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Opposition mounts to strip club's move downtown
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Opposition mounts to strip club's move downtown

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A local strip club's request to move into a vacant building downtown has stirred up a proverbial hornet's nest.

Ideas are buzzing around the downtown area.

* Councilman Carl Eskridge is working on a city ordinance that would ban or limit additional strip clubs in the downtown area.

* A group called Lincoln Can Do Better has formed to oppose the relocation of the Viper/Drunken Monkey from West Lincoln to the downtown and to support a change in zoning laws banning sexually oriented businesses downtown.

The group is collecting support from downtown residents, businesses and organizations with an online petition drive, according to Dan Parsons, who lives and operates his business downtown.

* The Downtown Lincoln Association sent a strongly worded letter to the City Council opposing another sexually oriented live entertainment business in the downtown area.

Terry Uland, DLA president, said he has never received so many calls on a single issue, and from a variety of people -- small business owners, property owners and residents.

This is not about morality, he said. It's about protecting the economic investment downtown.

This type of business is perceived as being part of urban decay, he said.

* Nelnet and Union Bank, both with downtown locations, have written the council opposing the strip club move.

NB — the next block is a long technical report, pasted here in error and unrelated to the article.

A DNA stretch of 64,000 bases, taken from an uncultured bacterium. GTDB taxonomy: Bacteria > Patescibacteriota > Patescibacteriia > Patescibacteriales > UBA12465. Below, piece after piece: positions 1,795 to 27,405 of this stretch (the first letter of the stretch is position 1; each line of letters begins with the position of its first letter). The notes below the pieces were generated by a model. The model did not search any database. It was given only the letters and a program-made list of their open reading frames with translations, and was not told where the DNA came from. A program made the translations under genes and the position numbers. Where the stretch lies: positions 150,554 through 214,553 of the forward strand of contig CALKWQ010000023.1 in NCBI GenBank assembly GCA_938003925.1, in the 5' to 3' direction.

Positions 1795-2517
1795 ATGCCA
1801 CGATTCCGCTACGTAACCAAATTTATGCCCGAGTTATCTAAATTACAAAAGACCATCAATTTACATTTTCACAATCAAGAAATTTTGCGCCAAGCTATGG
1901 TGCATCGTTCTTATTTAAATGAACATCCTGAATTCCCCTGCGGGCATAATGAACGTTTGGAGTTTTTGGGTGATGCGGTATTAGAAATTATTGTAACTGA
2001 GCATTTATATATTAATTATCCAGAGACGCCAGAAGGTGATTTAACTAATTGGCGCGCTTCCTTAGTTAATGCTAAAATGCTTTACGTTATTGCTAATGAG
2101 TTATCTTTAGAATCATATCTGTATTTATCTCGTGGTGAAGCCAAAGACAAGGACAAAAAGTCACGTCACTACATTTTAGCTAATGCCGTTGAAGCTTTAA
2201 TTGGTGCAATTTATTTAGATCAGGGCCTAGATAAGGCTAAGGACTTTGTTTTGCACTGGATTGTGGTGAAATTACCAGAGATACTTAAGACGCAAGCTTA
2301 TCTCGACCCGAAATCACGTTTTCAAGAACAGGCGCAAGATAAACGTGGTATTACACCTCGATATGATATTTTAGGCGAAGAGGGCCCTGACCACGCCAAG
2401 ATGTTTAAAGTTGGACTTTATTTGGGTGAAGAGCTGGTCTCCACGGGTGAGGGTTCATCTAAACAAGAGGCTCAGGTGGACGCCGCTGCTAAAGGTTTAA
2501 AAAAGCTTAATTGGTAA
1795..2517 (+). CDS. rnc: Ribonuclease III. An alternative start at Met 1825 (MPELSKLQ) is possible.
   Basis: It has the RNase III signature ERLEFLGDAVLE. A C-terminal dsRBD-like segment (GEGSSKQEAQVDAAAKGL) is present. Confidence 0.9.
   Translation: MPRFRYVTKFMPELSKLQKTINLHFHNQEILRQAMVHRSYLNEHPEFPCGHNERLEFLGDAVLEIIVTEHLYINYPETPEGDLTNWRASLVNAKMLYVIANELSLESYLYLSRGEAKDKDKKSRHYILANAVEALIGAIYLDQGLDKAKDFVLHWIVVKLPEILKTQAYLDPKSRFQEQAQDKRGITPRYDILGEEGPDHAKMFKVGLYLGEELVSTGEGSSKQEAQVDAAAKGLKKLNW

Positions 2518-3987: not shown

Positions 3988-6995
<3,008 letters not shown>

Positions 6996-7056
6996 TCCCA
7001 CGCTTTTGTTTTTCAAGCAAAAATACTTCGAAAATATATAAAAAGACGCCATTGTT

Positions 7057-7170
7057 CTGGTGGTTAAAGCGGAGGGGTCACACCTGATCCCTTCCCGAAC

The Viper/Drunken Monkey started the uproar with what is usually a simple request, to move from West Lincoln to 1211 O St.

The City Council initially approved the move because the topless strip club meets all of the zoning requirements for downtown.

But the state Liquor Control Commission is requiring the strip club to reapply for its liquor license if it wants to move because of recent violations. That has delayed any final decision for several months.

Even if the club doesn't move, the City Council will likely look at proposed zoning changes for the downtown brought by Councilman Eskridge, who lives in that area.

Eskridge said he is looking at options that could include an outright ban or spacing requirements between businesses.

Several years ago, the council prohibited these kinds of businesses east of 17th Street, he said.

"As a downtown resident, this does not thrill me," said Eskridge, who lives about a block and a half from the O Street location.

But Eskridge said he was most concerned about people living in the Centerstone Building, directly across the street from the proposed location.

"I just don't think its good for what we are trying to do downtown, to attract residents and retailers," he said.

But Eskridge said he wants to take a little time to figure out the best solution.

Rather than put the issue on a fast track, Eskridge said, "Let's do this right and not make any mistakes."

This is a zoning issue, said Parsons, who with his wife, Sunny, started the opposition group.

In some documents, downtown is called the city's "living room," he said.

The businesses allowed in the area "need to fit the model of what we want to see downtown."

Reach Nancy Hicks at 402-473-7250 or nhicks@journalstar.com.

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